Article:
Dylan Carlson: He’s still middling along offensively at only three percent above league average. He’s been average defensively in his combined defensive runs saved at all three outfield positions. His OBP is disappointing. His slugging is blah. Since June 22 Carlson is batting .222 with no extra-base hits, but at least he’s drawing walks. Carlson is barely above the replacement level with 0.5 WAR. Grade: D.

Lars Nootbaar: He was 25 percent above league average offensively in 2022, but is only eight percent above average during a disappointing start impacted by injuries. After slugging .448 last season, Noot has a .382 slug in 2023. He’s a +3 defensively in the outfield. Despite missing 34 total days during his two stays on the IL, Nootbaar is tied for fourth among Cardinals with 1.5 WAR. Grade: C.

Paul DeJong: He was written off by many, including me. And the outside expectations? Well, zero. And his legion of hopelessly unhinged haters refuse to recognize anything positive about his performance. The 30% strikeout rate is a minus – but all things considered he’s done well. DeJong is plus defender at shortstop, slightly above league average offensively, is among the team’s best producers with runners in scoring position, is slugging .434, and has homered every 18.4 at-bats. DeJong has more WAR (1.5) than Contreras, Edman, Walker and Carlson. Grade: B minus.

Alec Burleson: I think he’ll eventually develop into a good big-league hitter. But in 196 plate appearances so far in 2023 Burly is 20 percent below average offensively, is a below-average defender, and is below the replacement level at minus 0.6 WAR. I’m sorry but … Grade: F.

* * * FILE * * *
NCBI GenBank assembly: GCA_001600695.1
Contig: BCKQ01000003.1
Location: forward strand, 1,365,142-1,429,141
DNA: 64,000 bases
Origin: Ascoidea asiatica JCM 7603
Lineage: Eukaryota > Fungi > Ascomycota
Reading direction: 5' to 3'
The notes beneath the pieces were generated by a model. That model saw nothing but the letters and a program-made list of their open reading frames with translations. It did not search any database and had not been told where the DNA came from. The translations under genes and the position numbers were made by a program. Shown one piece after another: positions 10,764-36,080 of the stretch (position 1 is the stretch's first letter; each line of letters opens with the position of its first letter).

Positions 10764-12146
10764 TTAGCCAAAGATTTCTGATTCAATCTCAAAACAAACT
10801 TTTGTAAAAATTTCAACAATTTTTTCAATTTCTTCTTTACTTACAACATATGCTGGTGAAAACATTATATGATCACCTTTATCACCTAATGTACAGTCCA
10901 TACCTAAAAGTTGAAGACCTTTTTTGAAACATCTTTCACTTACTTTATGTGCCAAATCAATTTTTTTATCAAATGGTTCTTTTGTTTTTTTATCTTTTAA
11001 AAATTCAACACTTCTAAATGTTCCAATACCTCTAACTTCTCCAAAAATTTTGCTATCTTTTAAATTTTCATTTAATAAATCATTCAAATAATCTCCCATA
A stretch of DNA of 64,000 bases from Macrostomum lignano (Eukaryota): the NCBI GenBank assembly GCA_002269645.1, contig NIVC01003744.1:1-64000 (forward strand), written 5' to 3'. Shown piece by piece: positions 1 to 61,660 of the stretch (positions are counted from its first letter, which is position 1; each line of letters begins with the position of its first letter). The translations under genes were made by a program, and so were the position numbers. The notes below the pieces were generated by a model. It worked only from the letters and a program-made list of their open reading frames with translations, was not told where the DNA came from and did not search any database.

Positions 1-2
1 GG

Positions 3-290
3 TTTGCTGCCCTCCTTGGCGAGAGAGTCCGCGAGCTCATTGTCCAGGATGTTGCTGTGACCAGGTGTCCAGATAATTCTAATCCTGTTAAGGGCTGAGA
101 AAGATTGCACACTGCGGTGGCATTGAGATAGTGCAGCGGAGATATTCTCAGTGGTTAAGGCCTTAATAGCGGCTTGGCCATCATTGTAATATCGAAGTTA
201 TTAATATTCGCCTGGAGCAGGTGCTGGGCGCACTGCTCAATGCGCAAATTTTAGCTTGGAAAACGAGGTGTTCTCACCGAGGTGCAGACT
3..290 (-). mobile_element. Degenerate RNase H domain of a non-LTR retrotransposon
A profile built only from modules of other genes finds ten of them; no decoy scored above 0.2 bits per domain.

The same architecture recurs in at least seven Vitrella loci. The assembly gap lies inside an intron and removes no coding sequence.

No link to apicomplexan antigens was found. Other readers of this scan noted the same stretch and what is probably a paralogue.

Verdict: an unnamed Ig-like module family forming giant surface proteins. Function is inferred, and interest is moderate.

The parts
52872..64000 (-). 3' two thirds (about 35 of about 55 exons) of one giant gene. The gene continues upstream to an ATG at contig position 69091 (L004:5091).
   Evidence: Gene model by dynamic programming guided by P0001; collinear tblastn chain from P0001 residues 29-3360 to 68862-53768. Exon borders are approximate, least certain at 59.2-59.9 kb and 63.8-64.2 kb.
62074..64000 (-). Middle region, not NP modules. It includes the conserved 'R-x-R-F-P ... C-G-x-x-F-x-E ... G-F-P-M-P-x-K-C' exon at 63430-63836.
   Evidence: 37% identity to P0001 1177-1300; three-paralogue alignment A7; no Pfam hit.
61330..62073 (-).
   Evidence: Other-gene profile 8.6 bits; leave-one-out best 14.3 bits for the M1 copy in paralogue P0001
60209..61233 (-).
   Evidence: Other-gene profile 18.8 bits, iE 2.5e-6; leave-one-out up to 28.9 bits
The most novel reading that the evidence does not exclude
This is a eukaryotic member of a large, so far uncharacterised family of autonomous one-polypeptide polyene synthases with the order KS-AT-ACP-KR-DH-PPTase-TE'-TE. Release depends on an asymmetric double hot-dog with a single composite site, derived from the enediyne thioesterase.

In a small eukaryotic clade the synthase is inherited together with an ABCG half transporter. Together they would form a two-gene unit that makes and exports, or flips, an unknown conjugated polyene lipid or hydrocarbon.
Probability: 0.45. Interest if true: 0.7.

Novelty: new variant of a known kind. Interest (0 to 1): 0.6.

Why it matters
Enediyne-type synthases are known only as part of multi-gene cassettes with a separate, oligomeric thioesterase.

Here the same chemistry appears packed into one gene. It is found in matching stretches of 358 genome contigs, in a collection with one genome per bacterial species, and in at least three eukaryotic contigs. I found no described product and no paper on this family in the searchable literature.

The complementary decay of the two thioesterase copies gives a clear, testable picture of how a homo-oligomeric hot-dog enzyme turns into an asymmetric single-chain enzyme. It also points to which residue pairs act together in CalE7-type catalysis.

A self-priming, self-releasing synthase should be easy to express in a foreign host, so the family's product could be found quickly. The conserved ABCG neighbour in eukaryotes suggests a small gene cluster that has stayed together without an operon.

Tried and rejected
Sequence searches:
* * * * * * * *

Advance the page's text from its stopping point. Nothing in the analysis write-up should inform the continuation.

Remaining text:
Tyler O’ Neill: Nothing there. A total washout in the first half. He’s already missed 69 days on the IL. He’s below replacement level with minus 0.3 WAR. Grade: F.

Juan Yepez: He only has 46 plate appearances this season and that isn’t much to go on. But he’s 20 percent below league average offensively, is a liability on defense, and is below replacement level with minus 0.3 WAR. If he played more, we’d know more. Grade D minus.

Thanks for reading …


Bernie hosts a weekday sports-talk show on 590 The Fan, KFNS-AM. It airs 3-6 p.m. Monday through Thursday and 4-6 p.m. on Friday. You can listen by streaming online or by downloading the show podcast at or the 590 app.

Please follow Bernie on Twitter @miklasz

The “Seeing Red” podcast on the Cardinals, featuring Will Leitch and B. Miklasz is available at, the 590 the fan app or your preferred podcast platform. Follow @seeingredpod on Twitter for a direct link.

All stats used in my baseball columns are sourced from FanGraphs, Baseball Reference, Baseball Savant, Fielding Bible, Baseball Prospectus or Bill James Online.

Bernie Miklasz

Bernie Miklasz

For the last 35 years Bernie Miklasz has entertained, enlightened, and connected with generations of St. Louis sports fans.

While best known for his voice as the lead sports columnist at the Post-Dispatch for 26 years, Bernie has also written for The Athletic, Dallas Morning News and Baltimore News American. Bernie has hosted radio shows in St. Louis, Dallas, Baltimore and Washington D.C.

Bernie, his wife Kirsten and their cats reside in the Skinker-DeBaliviere neighborhood of St. Louis.